Species Invaders (Transcript) | WAMU 88.5 - American University Radio

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Species Invaders

MS. REBECCA SHEIR

13:32:56
The D.C. region is more than just a global gathering place for people. There are creatures here from all over the world, too.

MR. ROB SACHS

13:33:02
But that kind of globalization isn't necessarily a good thing. WAMU environmental reporter, Sabri Ben-Achour, has more on our area's international natural world.

MR. SABRI BEN-ACHOUR

13:33:12
Biologist Jonathan McKnight's office is piled high with files and reports and a monstrous looking dead rodent staring down from a shelf.

MR. JONATHAN MCKNIGHT

13:33:21
This guy here is the Nutria. This is a 20 pound on average swamp rat that was introduced from South America because everybody thought, wouldn't it be great to have a whole new animal that we could make fur coats out of?

BEN-ACHOUR

13:33:37
McKnight is in charge of fighting invasive species with Maryland's department of natural resources. He says the Nutria, with its long orange teeth feet, is an existential threat to our region's marshes.

MCKNIGHT

13:33:48
These guys didn't just graze upon that ecosystem in those marsh grasses, they actually ate it whole. They would leave a mud flap behind where there was a healthy productive marsh.

BEN-ACHOUR

13:33:59
That's what evasive species does. Without any predators or parasites to stop it, it just runs amuck. It drives other life forms out. McKnight says it just messes up the natural balance.

MCKNIGHT

13:34:09
It doesn't play by the rules that have allowed all the other species to find a happy home.

BEN-ACHOUR

13:34:15
And sometimes in weird ways. The Asian bush honeysuckle has lower branches than native bushes so birds who nest there are more susceptible to predators. North African wood wasps carry fungus that kills forests and that's just two of the ones that are here or close by. I mean, there's the snake head...

MCKNIGHT

13:34:31
The rusty crayfish.

BEN-ACHOUR

13:34:33
Ashbore.

MCKNIGHT

13:34:34
The chestnut (word?) .

BEN-ACHOUR

13:34:35
The fire ant.

MCKNIGHT

13:34:36
Our invasive species come from all over the globe. And in fact, it's the acceleration of the global economy and moving things at high speeds all over the world that's really accelerated the introduction of new species. We have a tremendous amount of species from Asia. Similar latitudes in other places so they've got a climate that they can roughly adapt to.

BEN-ACHOUR

13:35:01
But as McKnight points out, not every foreign creature is invasive.

MCKNIGHT

13:35:06
Many of the things that we have in our gardens, most of the things that our entire agricultural system is based upon are, in fact, in almost all cases, not native organisms.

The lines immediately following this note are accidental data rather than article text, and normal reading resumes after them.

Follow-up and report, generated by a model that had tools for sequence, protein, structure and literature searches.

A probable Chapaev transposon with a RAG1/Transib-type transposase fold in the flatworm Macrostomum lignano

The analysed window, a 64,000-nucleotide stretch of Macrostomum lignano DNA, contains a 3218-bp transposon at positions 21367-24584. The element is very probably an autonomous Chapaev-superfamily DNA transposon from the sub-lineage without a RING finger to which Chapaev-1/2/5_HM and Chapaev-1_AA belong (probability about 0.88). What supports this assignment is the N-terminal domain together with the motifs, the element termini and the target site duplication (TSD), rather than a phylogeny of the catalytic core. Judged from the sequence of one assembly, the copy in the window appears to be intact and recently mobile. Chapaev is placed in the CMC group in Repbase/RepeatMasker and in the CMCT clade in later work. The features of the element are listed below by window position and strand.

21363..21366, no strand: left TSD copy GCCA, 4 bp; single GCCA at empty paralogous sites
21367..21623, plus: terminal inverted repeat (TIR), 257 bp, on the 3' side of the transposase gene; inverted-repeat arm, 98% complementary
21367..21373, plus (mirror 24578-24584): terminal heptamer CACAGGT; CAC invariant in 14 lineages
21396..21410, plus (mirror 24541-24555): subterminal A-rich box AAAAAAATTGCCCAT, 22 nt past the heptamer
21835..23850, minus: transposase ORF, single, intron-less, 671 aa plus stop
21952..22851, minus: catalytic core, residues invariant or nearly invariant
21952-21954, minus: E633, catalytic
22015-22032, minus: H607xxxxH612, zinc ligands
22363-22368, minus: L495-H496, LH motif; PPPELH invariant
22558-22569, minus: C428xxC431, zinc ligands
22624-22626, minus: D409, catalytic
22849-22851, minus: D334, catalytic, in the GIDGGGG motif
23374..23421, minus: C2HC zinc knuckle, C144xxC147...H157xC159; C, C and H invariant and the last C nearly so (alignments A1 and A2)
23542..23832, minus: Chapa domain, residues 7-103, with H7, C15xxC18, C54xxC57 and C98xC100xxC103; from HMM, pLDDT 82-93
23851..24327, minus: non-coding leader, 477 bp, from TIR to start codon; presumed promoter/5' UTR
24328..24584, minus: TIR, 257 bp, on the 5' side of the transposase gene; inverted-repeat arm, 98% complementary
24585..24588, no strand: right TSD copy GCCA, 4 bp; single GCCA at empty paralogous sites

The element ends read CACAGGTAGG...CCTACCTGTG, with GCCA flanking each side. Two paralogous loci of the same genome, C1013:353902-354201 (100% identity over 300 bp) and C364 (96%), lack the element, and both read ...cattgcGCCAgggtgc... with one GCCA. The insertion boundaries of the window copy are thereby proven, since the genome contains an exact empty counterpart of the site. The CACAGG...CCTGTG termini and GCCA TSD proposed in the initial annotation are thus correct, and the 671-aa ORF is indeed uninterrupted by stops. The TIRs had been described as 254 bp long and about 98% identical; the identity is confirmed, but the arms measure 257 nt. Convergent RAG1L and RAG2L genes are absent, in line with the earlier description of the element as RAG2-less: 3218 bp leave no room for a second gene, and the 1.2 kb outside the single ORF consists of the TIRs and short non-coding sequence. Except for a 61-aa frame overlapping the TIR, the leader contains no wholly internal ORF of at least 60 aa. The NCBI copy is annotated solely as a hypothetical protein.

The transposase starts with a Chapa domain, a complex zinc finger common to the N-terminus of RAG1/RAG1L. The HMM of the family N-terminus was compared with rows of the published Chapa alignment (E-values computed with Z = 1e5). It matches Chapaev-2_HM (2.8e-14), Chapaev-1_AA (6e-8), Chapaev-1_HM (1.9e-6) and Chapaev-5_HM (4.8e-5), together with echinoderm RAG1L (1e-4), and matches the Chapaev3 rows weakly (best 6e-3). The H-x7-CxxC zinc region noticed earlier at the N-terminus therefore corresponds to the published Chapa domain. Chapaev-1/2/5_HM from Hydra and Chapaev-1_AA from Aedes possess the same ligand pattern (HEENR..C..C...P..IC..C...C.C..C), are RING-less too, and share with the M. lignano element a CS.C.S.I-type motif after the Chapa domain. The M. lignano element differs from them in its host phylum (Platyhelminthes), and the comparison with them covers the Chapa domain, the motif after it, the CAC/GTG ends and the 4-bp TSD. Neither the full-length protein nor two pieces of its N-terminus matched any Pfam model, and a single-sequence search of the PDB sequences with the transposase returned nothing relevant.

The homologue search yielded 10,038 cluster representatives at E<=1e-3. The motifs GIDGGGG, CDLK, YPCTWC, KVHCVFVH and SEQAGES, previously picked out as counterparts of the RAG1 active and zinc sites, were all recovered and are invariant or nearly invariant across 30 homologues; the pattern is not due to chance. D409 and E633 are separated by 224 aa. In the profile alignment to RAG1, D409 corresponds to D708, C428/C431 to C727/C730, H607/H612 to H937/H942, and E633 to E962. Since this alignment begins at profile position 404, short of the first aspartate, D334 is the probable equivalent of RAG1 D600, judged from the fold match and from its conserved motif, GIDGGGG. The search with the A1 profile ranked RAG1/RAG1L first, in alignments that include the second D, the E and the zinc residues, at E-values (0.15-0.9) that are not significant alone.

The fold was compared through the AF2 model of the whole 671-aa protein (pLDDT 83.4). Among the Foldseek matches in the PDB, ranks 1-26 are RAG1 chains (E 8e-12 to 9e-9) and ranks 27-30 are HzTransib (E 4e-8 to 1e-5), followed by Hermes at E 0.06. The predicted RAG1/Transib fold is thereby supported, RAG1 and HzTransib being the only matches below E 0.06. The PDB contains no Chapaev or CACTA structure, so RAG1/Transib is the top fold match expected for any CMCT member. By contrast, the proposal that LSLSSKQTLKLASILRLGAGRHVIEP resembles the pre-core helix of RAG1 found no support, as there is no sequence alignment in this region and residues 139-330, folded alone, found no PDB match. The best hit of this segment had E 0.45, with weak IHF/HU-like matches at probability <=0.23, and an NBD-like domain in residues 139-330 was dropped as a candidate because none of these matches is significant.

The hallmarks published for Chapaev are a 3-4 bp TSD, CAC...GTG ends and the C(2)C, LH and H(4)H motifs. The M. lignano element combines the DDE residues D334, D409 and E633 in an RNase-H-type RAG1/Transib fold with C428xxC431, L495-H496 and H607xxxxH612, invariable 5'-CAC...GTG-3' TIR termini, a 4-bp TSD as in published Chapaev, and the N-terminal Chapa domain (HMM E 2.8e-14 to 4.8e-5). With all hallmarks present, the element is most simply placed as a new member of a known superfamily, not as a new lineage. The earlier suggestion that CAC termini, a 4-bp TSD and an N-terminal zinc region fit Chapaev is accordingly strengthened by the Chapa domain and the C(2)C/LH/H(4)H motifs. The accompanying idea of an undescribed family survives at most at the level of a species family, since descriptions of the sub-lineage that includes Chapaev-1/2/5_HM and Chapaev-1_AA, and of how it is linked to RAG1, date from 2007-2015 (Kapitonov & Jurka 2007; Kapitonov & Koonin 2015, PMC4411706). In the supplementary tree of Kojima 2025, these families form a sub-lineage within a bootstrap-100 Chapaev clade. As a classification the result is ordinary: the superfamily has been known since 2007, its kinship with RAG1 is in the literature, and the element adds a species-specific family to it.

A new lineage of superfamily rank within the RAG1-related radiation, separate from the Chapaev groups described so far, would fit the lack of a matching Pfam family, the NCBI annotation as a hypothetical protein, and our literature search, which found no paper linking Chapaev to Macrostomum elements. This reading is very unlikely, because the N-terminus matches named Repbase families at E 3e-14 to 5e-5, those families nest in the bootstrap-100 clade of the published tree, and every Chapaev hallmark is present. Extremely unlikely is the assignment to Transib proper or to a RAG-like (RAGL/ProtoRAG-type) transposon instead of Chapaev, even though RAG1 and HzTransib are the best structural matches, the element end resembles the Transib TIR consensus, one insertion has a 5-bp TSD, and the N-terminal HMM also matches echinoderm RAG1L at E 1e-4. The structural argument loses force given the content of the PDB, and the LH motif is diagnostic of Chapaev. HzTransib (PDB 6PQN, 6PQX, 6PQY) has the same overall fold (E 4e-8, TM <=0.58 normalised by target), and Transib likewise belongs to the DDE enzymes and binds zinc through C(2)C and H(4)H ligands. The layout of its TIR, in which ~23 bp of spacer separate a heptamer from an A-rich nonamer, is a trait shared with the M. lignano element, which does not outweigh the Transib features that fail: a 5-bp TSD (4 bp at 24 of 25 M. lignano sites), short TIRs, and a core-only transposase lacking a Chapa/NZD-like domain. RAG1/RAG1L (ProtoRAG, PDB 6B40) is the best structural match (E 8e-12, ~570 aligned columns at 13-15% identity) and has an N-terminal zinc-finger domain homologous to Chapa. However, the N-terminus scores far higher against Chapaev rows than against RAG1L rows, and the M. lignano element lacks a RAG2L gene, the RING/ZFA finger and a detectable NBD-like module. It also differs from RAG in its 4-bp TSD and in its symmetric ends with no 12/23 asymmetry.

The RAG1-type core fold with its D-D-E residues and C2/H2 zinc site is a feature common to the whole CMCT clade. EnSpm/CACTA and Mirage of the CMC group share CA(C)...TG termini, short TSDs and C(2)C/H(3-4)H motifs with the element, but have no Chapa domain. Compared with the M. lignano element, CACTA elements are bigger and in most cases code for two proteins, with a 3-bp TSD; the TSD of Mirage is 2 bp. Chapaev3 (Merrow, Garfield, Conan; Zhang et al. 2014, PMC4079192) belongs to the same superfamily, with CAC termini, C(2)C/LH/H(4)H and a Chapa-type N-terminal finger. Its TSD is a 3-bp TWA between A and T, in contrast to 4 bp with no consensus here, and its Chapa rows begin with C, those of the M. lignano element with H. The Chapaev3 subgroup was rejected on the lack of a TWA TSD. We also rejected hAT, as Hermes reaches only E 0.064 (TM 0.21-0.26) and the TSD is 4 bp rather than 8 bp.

BEN-ACHOUR

13:35:15
So apples, they're originally from Tajikistan. Or cows, they're originally from Europe and India.

MCKNIGHT

13:35:22
Cows are really -- they're scenic and delicious. They're not moving into an ecosystem and damaging it.

BEN-ACHOUR

13:35:29
But invasive are different.

MCKNIGHT

13:35:31
In most cases, an invasive species that is able to get into the environment and do well there is a lost cause.

BEN-ACHOUR

13:35:39
As we talk, McKnight holds up a small jar with wavy striped shells in it.

MCKNIGHT

13:35:43
The Zebra mussel.

BEN-ACHOUR

13:35:44
30 years ago, these little guys hitchhiked from Russia in the ballast wall of ships and landed in the Great Lakes. Now, they're in the Susquehanna River in Maryland. They multiply and stick to everything.

MCKNIGHT

13:35:55
I've seen things like boat cooling water intakes just choked with these things. They'll attach themselves to any hard surface and in fact, in some cases, a live animal, like a crayfish or something like that.

BEN-ACHOUR

13:36:08
The Zebra mussels even host diseases that can be transmitted to birds. The U.S. fish and wildlife service estimates the mussels will cost the country $5 billion over ten years.

MCKNIGHT

13:36:18
It's actually a tremendous economic threat.

BEN-ACHOUR

13:36:20
And in a sense, some invasives are undoing evolution. They threaten to wipe out speciation and diversity that took hundreds of millions of years to create.

MCKNIGHT

13:36:29
I think that the trend is towards fewer species dominating larger and larger areas of landscape. And some ecologists have even talked about entering a new global era called the Homogocene, where there's a homoginazation of natural communities and ecosystems and species from all over the world.

BEN-ACHOUR

13:36:51
In some cases, sometimes the genie can be put back in the bottle. For instance, McKnight says Maryland could irradiate the Nutria, that's that rat that threatens to devour the economic basis of the Chesapeake Bay in the next five years.

MCKNIGHT

13:37:04
We're using satellite imagery, GPS locators, radio telemetry in combination with trapping of animals.

BEN-ACHOUR

13:37:12
It hasn’t been cheap. It's taken a decade so far and nearly $2 million a year to do it. The best strategy, he says, is preventing invasives, such as the Nutria, from ever getting here in the first place. I'm Sabri Ben-Achour.

SACHS

13:37:28
And if you go to our website, metroconnection.org, you can find pictures of some of the critters mentioned in Sabri's story, along with links to see what's invading your neighborhood.

SHEIR

13:37:38
You can also see some of the things you can do to prevent these little guys or at least keep them under control.
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